Oh - wait, this is the /. community, sorry.

Re:Ha Ha HA!!!!! (1)

sarysa (1089739) | about a year and a half ago | (#41339621)

Oh, it'll pass, but disclosure will be buried in a EULA or thick contract, and you won't be prompted if you want to remove it. You'll have to ask with forward knowledge that the software exists. At least, that's what the wording of the summary suggests. (maybe I should RTFA...)

And on the 237th page of the EULA... (1)

mcelrath (8027) | about a year and a half ago | (#41339111)

All this will due is put some disclosure into EULA's, certainly buried way toward the back in small print, because everyone knows that users read EULA's before giving their consent, right? But the cat is out of the bag, and this won't cause vendors to stop trying to collect or sell your data. Android is already pretty good at this, by giving users a pretty detailed list of what information an app has access to at the time the app is installed. I've been alarmed at the number of apps that want permission to access information that they really don't need. I've also been alarmed at apps that want your Facebook login. I won't use apps like that, but I think I'm unique among users. Maybe I missed it, but I have not seen any kind of widespread user revolt against this kind of thing, just articles here and there vaguely implying misbehavior (like CarrierIQ). I haven't seen any comments on in the Android app store saying "you don't need that permission". The users don't care, so we're going to be railroaded out of the info no matter what we do, because someone else finds it profitable.

Re:And on the 237th page of the EULA... (1)

gstoddart (321705) | about a year and a half ago | (#41339297)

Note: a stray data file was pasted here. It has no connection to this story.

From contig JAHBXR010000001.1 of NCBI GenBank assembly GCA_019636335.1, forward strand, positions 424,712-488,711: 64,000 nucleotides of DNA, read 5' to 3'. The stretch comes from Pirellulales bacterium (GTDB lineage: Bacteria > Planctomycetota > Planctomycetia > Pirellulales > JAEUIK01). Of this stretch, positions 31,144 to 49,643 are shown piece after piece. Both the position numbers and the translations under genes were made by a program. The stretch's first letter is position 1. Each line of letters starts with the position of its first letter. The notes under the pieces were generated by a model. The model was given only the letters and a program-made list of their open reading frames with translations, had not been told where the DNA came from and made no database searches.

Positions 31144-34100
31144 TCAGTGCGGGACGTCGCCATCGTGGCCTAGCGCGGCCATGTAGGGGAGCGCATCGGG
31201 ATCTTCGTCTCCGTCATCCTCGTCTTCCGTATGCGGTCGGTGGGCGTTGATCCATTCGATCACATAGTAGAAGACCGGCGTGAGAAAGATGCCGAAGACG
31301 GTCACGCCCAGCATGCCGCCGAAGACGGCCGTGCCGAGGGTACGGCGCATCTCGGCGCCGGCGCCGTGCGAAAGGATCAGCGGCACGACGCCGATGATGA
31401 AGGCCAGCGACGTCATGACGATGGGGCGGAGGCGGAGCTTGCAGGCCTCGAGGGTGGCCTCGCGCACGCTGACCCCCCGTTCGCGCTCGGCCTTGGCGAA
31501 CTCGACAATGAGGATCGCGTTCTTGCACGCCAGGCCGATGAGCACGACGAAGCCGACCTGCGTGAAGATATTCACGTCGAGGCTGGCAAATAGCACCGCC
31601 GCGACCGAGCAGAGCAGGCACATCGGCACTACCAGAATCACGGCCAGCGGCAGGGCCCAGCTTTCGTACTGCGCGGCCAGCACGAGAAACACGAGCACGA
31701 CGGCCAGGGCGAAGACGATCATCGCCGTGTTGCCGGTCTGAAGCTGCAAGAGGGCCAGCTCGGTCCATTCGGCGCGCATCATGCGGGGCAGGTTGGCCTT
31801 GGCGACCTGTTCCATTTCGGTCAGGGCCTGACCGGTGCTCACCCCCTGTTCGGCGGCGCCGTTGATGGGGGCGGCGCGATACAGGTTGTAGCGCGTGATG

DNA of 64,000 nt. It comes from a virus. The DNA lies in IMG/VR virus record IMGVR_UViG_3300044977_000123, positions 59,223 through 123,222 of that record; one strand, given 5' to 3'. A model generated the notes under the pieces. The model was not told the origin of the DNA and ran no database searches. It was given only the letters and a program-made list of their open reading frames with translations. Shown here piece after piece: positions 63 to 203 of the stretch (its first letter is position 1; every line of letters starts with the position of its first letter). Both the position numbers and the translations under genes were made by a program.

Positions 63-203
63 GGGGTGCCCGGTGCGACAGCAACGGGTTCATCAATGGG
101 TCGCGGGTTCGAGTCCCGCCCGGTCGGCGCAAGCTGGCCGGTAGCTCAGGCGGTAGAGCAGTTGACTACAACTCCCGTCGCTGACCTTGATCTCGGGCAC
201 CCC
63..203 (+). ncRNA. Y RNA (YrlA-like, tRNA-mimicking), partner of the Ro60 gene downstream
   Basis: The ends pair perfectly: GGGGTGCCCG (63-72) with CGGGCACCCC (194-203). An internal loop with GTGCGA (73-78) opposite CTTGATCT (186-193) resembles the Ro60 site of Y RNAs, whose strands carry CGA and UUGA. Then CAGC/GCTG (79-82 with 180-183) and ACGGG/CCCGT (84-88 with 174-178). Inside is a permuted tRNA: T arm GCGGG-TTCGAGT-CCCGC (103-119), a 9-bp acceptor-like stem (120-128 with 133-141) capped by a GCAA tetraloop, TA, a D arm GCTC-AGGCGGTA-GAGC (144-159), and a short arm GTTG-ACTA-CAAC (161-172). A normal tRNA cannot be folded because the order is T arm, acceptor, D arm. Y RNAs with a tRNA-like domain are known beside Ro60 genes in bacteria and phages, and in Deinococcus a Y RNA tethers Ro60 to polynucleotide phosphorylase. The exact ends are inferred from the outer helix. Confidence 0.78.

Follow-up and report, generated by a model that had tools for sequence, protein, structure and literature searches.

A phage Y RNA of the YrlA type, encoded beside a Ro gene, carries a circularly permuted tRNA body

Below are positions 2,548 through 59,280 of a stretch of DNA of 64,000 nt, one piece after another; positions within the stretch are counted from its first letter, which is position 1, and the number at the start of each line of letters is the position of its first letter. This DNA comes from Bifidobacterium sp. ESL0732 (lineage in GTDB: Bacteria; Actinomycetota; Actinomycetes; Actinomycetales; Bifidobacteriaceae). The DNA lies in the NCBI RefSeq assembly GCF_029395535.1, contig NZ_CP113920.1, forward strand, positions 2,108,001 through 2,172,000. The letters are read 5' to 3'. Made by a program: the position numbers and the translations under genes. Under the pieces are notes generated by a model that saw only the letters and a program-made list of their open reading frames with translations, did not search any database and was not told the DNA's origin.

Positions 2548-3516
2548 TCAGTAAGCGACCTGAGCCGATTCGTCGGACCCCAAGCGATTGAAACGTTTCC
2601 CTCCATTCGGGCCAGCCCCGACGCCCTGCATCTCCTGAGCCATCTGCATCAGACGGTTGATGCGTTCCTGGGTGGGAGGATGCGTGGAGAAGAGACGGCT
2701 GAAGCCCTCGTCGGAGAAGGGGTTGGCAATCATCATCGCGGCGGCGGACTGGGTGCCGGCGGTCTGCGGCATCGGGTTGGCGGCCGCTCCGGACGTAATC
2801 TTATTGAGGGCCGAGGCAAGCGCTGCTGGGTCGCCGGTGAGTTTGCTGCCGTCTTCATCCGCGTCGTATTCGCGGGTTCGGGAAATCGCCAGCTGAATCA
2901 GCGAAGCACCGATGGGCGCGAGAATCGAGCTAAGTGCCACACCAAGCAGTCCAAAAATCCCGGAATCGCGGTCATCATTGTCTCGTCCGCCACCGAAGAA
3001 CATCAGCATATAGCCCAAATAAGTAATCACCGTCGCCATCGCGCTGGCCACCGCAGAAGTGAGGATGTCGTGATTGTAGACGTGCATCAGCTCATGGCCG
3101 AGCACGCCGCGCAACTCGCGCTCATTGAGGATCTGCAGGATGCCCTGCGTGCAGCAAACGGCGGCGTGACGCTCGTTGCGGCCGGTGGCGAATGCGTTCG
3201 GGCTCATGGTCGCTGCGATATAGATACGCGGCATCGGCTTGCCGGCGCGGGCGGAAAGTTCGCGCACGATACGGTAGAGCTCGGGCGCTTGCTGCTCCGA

All this will due is put some disclosure into EULA's, certainly buried way toward the back in small print, because everyone knows that users read EULA's before giving their consent, right?

And, the EULA will say that laws, class action suits, and any form of redress for anything they do is hereby absolved by your using the device.

Re:And on the 237th page of the EULA... (0)

Anonymous Coward | about a year and a half ago | (#41339325)

The users don't care

You have identified the root cause of the entire spectrum of privacy-violation problems in modern life.

There is no durable, robust, long-term solution except to fix the fact that users don't care.

Don't let them set the terms. (0)

Anonymous Coward | about a year and a half ago | (#41339443)

I think I'm unique among users.

Unqiue? Heh, and I've been called egotistical. Better to refer to yourself as a distinct minority.

Those permissions aren't always a Hobson's Choice [wikipedia.org]. Root your device, install CyanogenMod 7.1 or later, and issue line-item veto on those apps' egregious permissions (ha! no "Read Phone State and Identity" for you!). Some apps deal well with being neutered, others crash. I view it as at least giving the app a chance to work; I would never have installed it if I were forced to accept those permissions, so no great loss if it won't work with revoked permissions.

If you're really paranoid, like I am, you'll also block network access for apps that don't require it, via DroidWall.

Re:Don't let them set the terms. (1)

mcelrath (8027) | about a year and a half ago | (#41339821)

Are you telling me that CM will let you install apps that need e.g. "phone state and identity" but will feed them false information?

If so, I'm definitely switching to CM.

Re:Don't let them set the terms. (0)

Anonymous Coward | about a year and a half ago | (#41341275)

Are you telling me that CM will let you install apps that need e.g. "phone state and identity" but will feed them false information?

Not quite, though mock/invalid data would be a nice feature.

Rather, CM 7.2 allows you to revoke permissions listed in the app. So, when the app goes to access whatever permission you have revoked, it finds that the OS will block the attempt. The effect yanks the rug out from under the app, because the net effect is essentially the same as the dev forgetting to add the security permission to the app's list. Some apps tolerate this well, others force close immediately.